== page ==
Roland Ascroft’s first attempt to become a citizen scientist was nearly his last. The 63-year-old conservationist volunteered to take part in a wildlife monitoring project in 2015 and began by placing a camera trap in the woods opposite his house at New Brancepeth, near Durham. For three weeks he checked every day to see if the device had been triggered by animals moving in front of it, but found nothing had set it off.

“I was about to give up when I moved my camera trap for one last attempt – and found next morning that I had photographed a roe deer in the early morning,” says Ascroft. “I was hooked.”

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Aug 23, 2019

New Technique Streamlines Design of Intricate Fusion Devices

Posted by in categories: habitats, mathematics, nuclear energy, space

O.o.


Stellarators, twisty machines that house fusion reactions, rely on complex magnetic coils that are challenging to design and build. Now, a physicist at the U.S. Department of Energy’s (DOE) Princeton Plasma Physics Laboratory ( PPPL ) has developed a mathematical technique to help simplify the design of the coils, making stellarators a potentially more cost-effective facility for producing fusion energy.

“Our main result is that we came up with a new method of identifying the irregular magnetic fields produced by stellarator coils,” said physicist Caoxiang Zhu, lead author of a paper reporting the results in Nuclear Fusion. “This technique can let you know in advance which coil shapes and placements could harm the plasma ’s magnetic confinement, promising a shorter construction time and reduced costs.”

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Aug 23, 2019

This Hurricane Proof House Made From 612,000 Recycled Plastic Bottles Can Withstand 326 MPH Winds

Posted by in categories: climatology, habitats

If you’re looking to build a new home on coastal waters where hurricanes are known to roam, you might want to skip the two-by-fours and cement and instead start drinking bottled soda. A Canadian company has recently completed construction of a home with exterior walls made from recycled plastic, and it’s claimed to be able to withstand winds gusting at over 300 miles per hour.

Built by JD Composites, the three bedroom home is situated near the Meteghan River in Nova Scotia. Aside from a distinct lack of trees, gardens, and neighbors, the house looks like any other dwelling with a clean modern design and a minimalist facade. Inside it’s fully furnished and finished with drywall covered lumber walls, but the exterior is what makes the house appealing as a new, and seemingly much improved, approach to construction.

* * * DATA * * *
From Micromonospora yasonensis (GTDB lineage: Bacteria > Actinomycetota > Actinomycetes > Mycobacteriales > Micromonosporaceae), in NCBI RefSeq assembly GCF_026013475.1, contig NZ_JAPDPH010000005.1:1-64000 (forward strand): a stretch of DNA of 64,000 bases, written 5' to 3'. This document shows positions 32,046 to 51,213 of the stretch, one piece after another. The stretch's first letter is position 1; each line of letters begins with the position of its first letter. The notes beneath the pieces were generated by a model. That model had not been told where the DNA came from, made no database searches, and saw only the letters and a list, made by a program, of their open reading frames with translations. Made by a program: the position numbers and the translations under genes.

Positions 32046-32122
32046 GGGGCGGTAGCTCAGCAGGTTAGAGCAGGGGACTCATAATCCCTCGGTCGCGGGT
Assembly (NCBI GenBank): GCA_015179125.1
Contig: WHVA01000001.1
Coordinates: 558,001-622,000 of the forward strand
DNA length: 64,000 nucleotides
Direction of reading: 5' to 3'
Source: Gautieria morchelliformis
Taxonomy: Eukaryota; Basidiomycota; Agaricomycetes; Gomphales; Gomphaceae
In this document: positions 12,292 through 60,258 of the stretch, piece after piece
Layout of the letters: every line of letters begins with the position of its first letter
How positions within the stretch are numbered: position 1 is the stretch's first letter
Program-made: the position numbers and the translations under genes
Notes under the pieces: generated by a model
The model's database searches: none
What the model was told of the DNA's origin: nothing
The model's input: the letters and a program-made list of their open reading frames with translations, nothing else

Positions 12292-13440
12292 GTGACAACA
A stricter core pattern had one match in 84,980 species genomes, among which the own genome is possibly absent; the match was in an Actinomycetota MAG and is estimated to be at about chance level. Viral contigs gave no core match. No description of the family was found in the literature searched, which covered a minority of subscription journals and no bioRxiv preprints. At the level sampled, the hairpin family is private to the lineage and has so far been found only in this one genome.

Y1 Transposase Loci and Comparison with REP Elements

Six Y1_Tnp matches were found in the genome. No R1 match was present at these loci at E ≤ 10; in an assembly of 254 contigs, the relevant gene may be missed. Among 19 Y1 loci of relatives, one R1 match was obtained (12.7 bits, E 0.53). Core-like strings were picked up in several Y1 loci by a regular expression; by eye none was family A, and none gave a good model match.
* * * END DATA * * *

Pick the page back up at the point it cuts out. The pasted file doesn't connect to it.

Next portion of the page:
Aug 23, 2019

Inside Sierra Nevada’s Inflatable Space Habitat for Astronauts in Lunar Orbit (Photos)

Posted by in categories: habitats, space

“We don’t have the official results of that testing, but we are told it went very, very well, so we are really excited about that,” Lindsey said.

Key to SNC’s habitat design is its ability to grow in volume once it is launched into space. The Large Inflatable Fabric Environment, or LIFE, habitat can start out compact enough to fit inside an 18-foot (5.4 meters) rocket fairing but then expand to 27 feet in diameter and 27 feet long (8 by 8 m).

Aug 21, 2019

New technique could streamline design of intricate fusion device

Posted by in categories: habitats, mathematics, nuclear energy, space

Stellarators, twisty machines that house fusion reactions, rely on complex magnetic coils that are challenging to design and build. Now, a physicist at the U.S. Department of Energy’s (DOE) Princeton Plasma Physics Laboratory (PPPL) has developed a mathematical technique to help simplify the design of the coils, making stellarators a potentially more cost-effective facility for producing fusion energy.

“Our main result is that we came up with a new method of identifying the irregular magnetic fields produced by coils,” said physicist Caoxiang Zhu, lead author of a paper reporting the results in Nuclear Fusion. “This technique can let you know in advance which coil shapes and placements could harm the plasma’s magnetic confinement, promising a shorter construction time and reduced costs.”

Fusion, the power that drives the sun and stars, is the fusing of light elements in the form of plasma—the hot, charged state of matter composed of free electrons and atomic nuclei—that generates massive amounts of energy. Twisty, cruller-shaped stellarators are an alternative to doughnut-shaped tokamaks that are more commonly used by scientists seeking to replicate on Earth for a virtually inexhaustible supply of power to generate electricity.